Some of the fantasized scenarios included the following: Kevin Durant and Kyrie Irving together, Durant, Irving, and rookie sensation Zion Williamson together, and there was even some Anthony Davis talk – probably to pair with Irving. Not close, not even a little.
Let me list out the standard contracts the Knicks handed out during the offseason: Julius Randle ( three years, $56.7 million), Bobby Portis (two years, $30.7 million), Taj Gibson (two years, $18.5 million), Wayne Ellington (two years, $16 million), Elfrid Payton (two years, $16 million), Marcus Morris (one year, $15 million), and Reggie Bullock (two years, 8.2 million).
That’s a far cry from the promises made by Knick’s team owner, James Dolan. The promises of a successful offseason in regards to free agents.
And to pour a whole vat of salt on the proverbial wound, the Knicks – who had a 14 percent chance at the No. 1 pick (Zion) dropped to the third pick. Knicks fans watched as the Pelicans – who had a six percent chance at the No. 1 pick snagged the coveted chance to draft Zion.
Now, my aim isn’t to poke fun at the Knicks and their fans (I genuinely feel bad for them) but the offseason was a disaster, and it’s been another trying regular season for their fans. The silver lining? None of the free agents signed over the summer cripple the Knicks’ future financial “plans.” You could also do a lot worse than RJ Barrett as a young prospect.
Regretful offseasons will probably remain a tradition for the Knicks until Dolan sells the team and the entire culture switches, but at least the team has looked a bit more competitive since David Fizdale’s firing. It’s fine, right?
Philadelphia 76ers: Signing Al Horford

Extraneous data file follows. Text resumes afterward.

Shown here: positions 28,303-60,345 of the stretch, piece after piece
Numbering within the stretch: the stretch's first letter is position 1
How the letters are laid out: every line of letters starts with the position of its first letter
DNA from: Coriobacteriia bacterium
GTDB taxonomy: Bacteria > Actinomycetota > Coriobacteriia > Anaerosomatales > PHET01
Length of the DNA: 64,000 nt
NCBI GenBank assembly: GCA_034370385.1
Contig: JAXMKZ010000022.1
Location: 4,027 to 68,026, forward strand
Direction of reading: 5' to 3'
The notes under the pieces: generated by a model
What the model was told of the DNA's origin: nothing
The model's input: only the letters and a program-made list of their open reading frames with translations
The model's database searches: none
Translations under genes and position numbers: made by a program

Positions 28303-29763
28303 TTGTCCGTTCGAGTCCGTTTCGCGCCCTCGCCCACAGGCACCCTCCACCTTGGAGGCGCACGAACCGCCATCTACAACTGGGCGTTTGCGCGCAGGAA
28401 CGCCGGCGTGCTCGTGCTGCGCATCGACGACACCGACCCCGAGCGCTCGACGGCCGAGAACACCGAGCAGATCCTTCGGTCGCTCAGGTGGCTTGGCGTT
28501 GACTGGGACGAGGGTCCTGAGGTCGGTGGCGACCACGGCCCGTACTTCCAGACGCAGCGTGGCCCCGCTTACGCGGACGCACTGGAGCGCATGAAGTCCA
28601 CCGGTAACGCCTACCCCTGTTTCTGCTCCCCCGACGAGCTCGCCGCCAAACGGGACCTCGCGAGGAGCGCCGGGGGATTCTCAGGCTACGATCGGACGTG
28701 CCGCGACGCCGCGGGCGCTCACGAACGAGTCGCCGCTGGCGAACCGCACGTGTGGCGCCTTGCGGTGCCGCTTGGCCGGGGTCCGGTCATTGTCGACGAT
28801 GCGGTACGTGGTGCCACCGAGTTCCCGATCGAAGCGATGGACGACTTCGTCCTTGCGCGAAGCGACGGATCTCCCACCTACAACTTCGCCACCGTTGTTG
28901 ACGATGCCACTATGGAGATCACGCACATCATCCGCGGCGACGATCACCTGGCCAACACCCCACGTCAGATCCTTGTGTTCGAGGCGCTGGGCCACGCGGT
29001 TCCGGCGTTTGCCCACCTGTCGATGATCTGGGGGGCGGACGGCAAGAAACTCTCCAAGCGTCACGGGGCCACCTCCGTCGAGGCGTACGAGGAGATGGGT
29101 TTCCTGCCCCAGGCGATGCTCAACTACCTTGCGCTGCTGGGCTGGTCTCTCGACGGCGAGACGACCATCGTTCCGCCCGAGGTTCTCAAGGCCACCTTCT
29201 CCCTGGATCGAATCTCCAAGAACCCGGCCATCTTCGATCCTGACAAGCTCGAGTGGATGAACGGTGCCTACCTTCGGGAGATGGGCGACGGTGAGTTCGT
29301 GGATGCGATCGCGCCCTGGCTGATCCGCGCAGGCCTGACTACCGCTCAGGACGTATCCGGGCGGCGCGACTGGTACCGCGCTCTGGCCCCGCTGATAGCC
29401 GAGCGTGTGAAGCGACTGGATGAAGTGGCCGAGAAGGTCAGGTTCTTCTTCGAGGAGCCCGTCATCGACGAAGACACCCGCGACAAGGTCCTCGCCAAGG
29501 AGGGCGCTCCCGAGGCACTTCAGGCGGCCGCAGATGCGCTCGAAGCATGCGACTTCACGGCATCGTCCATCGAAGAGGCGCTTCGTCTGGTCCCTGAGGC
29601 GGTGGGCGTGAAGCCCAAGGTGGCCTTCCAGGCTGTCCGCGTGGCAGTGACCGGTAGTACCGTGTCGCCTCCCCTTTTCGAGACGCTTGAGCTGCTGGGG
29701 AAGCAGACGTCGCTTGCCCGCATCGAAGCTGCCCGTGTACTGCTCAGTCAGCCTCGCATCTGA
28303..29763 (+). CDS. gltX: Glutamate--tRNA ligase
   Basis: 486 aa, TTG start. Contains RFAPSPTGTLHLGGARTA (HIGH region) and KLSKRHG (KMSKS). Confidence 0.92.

The Philadelphia 76ers have an imperfect team and it all starts with their two best players: Ben Simmons and Joel Embiid. Philly has not been able to figure out how to best utilize both at the same time, and at moments the team has looked a lot better without Embiid. Not because they are necessarily a better team without Embiid – their ceiling is still higher with a player like Joel – but because they play at a faster tempo.
The pains that come from trying to navigate the intricacies of a Simmons/Embiid pairing can be remedied. And that’s because both guys are so special. What might prove to be harder to work through: Al Horford’s awkward fit.
Horford has expressed his concerns with his role within the Sixers’ offense and how “limited” he feels. When Horford signed his four years, $109 million deal over the summer I thought it was unusual to bring in another center at such a huge price tag. But it made some sense. Embiid is the epitome of injury-prone – so having Horford on the team is seen as a type of “big man insurance”.
Horford is also able to play the power forward position alongside Embiid (even though that has been where the struggles come in). Horford’s raw stats have not been terrible; he’s averaging 12.7 points, 6.5 rebounds, and 3.9 assists per game. In his role – a complimentary one – those numbers are fine. The problem is the Sixers should have used the money they invested in Horford on a designated stretch-4 and another shot creator.
Philly’s offense can become a jumbled mess because Simmons can’t shoot and the only other player on the roster who’s a solid playmaker (Josh Richardson) is a marginal one, at best. Their backup point guard is Trey Burke. So, not a great situation.
The Sixers have a team that is built for a slower pace – so things will be OK come playoff time – but with a shortage of shot creators on the roster, I’m starting to doubt this team with each passing day. Maybe a near-max contract for an aging Horford wasn’t the best way to spend – I guess only time will tell for sure.